Question: Relative to your videos, I have one question... As the land goes back together, the ocean seems to disappear. What happened to the water? Weren't the oceans displaced over the land?
Neal Adams: In making the video I had to ignore the water level completely. And I did. Because if I focused on that. nothing about the upper tectonic plates would make any sense VISUALLY.
Going backward in time, in fact the percentage of the Earth covered with water would remain nearly the same... About two thirds.
This is because when there were no deep seas on the earth, there were, what were called shallow seas covering two-thirds of the land. This process from one to the other was gradual and evolutionary.
Of course this is perfectly logical and scientifically understandable. Since all elements are produced in common amounts at the core of the Earth as are the gases including Oxygen and Hydrogen. If, as the Earth grows, it's field increases, that field will hold the Earth's gases from flying off into space to a greater extent as the Earth grows. Water will increase in amount,but not percentage. A bigger Earth holds more water on it's bigger surface and greater mass.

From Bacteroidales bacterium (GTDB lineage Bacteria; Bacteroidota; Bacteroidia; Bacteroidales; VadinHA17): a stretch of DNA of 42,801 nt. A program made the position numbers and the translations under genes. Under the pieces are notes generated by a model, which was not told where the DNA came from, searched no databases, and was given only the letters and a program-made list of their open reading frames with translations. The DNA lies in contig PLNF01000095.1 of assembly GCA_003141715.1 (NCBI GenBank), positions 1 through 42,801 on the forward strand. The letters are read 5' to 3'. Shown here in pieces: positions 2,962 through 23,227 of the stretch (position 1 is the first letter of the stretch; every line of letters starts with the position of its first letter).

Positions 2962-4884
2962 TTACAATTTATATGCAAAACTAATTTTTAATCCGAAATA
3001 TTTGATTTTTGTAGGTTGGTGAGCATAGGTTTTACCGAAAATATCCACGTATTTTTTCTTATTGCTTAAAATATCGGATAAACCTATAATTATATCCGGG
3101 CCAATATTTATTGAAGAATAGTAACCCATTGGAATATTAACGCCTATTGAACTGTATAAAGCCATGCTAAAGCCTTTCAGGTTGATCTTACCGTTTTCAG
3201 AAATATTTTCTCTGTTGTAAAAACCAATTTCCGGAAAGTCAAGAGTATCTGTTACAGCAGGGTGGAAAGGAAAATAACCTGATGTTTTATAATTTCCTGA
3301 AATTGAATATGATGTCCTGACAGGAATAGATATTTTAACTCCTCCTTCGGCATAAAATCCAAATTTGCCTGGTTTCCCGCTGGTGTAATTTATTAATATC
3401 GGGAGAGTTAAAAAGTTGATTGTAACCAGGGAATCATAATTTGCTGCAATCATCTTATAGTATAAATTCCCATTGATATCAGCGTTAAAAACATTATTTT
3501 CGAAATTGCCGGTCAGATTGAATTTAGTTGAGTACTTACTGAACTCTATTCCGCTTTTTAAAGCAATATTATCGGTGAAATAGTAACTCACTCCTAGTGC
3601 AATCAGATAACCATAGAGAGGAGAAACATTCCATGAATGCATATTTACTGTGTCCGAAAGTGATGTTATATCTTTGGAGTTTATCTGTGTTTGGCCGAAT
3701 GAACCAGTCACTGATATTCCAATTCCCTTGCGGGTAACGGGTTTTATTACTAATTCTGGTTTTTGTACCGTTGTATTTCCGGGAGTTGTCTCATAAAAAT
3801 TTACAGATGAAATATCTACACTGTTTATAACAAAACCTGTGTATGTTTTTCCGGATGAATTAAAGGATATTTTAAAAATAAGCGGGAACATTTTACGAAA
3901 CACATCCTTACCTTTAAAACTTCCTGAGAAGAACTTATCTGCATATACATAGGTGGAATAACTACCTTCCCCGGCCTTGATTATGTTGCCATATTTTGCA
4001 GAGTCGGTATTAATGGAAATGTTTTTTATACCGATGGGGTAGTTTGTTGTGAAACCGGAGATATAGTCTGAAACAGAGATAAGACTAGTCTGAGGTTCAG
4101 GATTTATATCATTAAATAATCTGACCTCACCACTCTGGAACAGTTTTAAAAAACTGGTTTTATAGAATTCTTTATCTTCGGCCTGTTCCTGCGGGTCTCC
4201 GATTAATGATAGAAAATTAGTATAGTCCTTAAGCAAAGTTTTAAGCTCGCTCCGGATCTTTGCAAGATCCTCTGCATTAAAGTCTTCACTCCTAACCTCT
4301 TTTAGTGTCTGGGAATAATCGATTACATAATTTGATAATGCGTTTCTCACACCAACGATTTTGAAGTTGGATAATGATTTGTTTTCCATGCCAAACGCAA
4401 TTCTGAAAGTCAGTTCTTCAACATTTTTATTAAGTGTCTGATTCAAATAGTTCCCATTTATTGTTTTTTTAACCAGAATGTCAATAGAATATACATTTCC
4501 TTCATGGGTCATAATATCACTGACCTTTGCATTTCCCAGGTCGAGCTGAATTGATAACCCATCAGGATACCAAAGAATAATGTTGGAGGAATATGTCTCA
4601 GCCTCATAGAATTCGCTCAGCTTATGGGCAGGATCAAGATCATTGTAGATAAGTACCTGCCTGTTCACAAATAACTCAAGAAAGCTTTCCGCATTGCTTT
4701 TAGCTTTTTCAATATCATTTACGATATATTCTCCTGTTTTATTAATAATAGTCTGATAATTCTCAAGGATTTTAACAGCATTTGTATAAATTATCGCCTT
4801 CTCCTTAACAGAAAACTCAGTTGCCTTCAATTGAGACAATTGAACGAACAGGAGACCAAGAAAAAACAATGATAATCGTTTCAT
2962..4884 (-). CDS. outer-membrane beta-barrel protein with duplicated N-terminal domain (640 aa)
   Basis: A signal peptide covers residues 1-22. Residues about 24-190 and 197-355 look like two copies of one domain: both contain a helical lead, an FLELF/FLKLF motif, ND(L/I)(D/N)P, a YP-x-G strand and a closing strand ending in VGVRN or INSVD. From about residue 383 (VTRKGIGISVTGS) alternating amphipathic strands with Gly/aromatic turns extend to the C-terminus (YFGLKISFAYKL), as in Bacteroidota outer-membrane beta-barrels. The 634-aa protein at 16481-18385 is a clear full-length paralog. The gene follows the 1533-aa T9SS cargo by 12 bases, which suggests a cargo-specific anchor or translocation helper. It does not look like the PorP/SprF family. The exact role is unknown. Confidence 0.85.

Incidentally that increase in amount and depth of water , means also that that deeper that water will get, in general, colder at depth... leading to colder winters and ice ages,... as we have now . There was no such thing as ice ages and icy winter or frozen poles in the ages of the dinosaurs.(Nor in fact, to be precise , were there Mountains in the ages of dinosaurs, therefore nor were there rivers fed by frozen ice capped mountains. There was merely runoff, which can be similar but ever-changing in depth.
It is reasonable to assume that dinosaurs migrated hemispherically. until the breaking up of the upper continental plates destroyed their migratory pathways. This contributed to the depletion of dinosaur families until a final extinction 63 million years ago when migratory pathways were totally cut off.